Humberside Police took part in our National Badger Crime Awareness course in 2017. Not long after, they were faced with a horrific case of badger baiting. Two of the dogs were left with serious injuries, one of which was even heavily pregnant. Humberside Police responded and made 4 arrests at the scene. Thanks to Humberside Police’ swift action, all of the men involved were found guilty and sentenced to the maximum term of six months in jail.
A Humberside Police Wildlife Crime Officer stated…
"In responding to the initial call made to the police, several members of staff attended the scene. Two of the officers had undertaken the National Wildlife Crime course with two of them having also completed the 1 day national badger course. One member of staff Police Community Support Officer Steve Lynch was immediately able to identify the tunnel entrances, excavated spoil, and identify other signs such as well-defined runs definitive signs and that the structure the offenders were digging into as a badger sett. Through Steve’s knowledge he was able to highlight the evidence to other officers also attending and was able to show the need for the males to be arrested, and all evidence secured including the dogs present.
He was instrumental in ensuring the area of the sett was treated as a crime scene and that any disturbance or interference should be undertaken only in respect of gathering evidence for the investigation as per our Class Licence, this was bearing in mind two terriers were still within the sett and there were of course concerns for their welfare.
Due to both Steve and PS Andrew Beadmans prior training they were pivotal in ensuring the relevant offences were identified from the outset and that the investigation was carried out accordingly.
The story given by the offenders at the time could easily have been believed by officers who have had no training or knowledge of wildlife crime and allowed the males to either carry on or leave the scene as persons lawfully ratting with permission where their dogs had ran off and entered some rabbit holes."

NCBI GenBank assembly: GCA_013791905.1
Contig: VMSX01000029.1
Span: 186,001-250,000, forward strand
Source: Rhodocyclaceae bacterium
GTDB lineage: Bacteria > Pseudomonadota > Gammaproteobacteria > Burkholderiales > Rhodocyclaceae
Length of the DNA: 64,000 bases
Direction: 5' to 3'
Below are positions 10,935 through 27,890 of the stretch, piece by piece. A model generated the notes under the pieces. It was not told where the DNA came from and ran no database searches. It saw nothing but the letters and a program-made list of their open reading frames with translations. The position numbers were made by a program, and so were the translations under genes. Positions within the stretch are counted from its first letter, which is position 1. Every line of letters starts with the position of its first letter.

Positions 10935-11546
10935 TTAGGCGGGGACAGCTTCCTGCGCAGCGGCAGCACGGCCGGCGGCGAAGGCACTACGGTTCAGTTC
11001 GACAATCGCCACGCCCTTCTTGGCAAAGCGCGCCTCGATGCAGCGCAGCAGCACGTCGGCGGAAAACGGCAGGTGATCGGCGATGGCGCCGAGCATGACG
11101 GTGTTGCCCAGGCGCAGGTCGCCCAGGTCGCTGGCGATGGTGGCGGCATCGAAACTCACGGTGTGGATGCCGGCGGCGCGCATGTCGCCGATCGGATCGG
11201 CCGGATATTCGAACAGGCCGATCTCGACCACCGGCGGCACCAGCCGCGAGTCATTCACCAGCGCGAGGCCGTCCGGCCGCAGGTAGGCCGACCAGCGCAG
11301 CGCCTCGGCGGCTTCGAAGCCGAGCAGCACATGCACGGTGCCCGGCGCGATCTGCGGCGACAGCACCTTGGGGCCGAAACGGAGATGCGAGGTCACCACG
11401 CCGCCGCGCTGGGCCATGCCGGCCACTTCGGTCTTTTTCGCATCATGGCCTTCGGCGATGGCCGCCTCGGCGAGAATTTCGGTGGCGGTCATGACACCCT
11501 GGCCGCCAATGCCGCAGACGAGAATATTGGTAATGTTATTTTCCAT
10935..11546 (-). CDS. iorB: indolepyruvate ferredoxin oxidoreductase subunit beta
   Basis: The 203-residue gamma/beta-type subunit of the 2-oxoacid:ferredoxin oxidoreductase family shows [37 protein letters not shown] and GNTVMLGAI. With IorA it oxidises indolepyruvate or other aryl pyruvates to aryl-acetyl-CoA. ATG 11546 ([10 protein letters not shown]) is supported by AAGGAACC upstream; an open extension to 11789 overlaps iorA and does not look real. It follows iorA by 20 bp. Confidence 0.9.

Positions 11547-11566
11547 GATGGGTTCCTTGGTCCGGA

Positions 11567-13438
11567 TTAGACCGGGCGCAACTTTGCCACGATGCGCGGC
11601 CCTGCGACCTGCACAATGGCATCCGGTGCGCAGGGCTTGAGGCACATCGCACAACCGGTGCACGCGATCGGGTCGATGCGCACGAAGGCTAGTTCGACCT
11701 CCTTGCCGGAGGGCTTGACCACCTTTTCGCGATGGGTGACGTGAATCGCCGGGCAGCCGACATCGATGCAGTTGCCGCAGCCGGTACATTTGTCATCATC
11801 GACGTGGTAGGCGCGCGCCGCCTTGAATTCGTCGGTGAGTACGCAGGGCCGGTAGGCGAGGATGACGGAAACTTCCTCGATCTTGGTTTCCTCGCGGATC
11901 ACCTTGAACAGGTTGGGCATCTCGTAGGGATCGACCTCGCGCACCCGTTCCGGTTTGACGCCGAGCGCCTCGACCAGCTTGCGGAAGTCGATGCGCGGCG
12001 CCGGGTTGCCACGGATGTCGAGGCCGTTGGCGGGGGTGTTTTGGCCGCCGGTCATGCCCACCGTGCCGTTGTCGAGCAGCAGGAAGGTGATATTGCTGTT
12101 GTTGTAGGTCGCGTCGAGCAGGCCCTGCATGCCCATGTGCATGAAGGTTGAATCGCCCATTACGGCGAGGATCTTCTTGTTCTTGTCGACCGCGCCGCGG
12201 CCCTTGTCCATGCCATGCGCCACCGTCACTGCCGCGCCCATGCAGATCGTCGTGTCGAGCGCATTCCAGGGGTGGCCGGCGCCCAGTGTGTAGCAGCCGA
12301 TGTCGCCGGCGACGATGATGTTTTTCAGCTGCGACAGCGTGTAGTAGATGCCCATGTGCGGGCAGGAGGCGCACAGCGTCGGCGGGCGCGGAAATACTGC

"The story given by the offenders at the time could easily have been believed by officers who have had no training or knowledge of wildlife crime"
POLICE TRAINING Q&A
Q: Why don't police pay for this training themselves?
Police forces across the country have had their budgets slashed in recent years. Wildlife Crime Units are often one of the most underfunded units. While you can petition the government to increase police spending, this likely wont have an immediate effect. Our training has been credited in recent success stories. The faster we can roll out this training to as many police forces as possible, the better we can protect our wildlife.
Q: Why is this training so important?
Wildlife crime has remained a prominent issue facing badgers and causes a staggering number of badger deaths each year. Yet very few end up being brought to justice. Outdoor crime scenes are especially difficult. We aim to ensure that police officers arriving on the scene know how to identify a badger sett and evidence of badger crime.
The Protection of Badgers Act 1992 allows for licences to be issued for a number of purposes, including and to prevent serious damage to property.
Such licences can allow the interference with, and/or closure of setts. Other purposes for which licences may be granted are science, education and conservation; zoos; tagging and marking; archaeology; disease prevention; agriculture and forestry; land drainage; and controlling foxes for the protection of livestock, game and wildlife.
In some cases, licences are issued to allow the killing of badgers, although this is generally a last resort and only a handful of such licences are issued each year.
More information and license applications can be found here.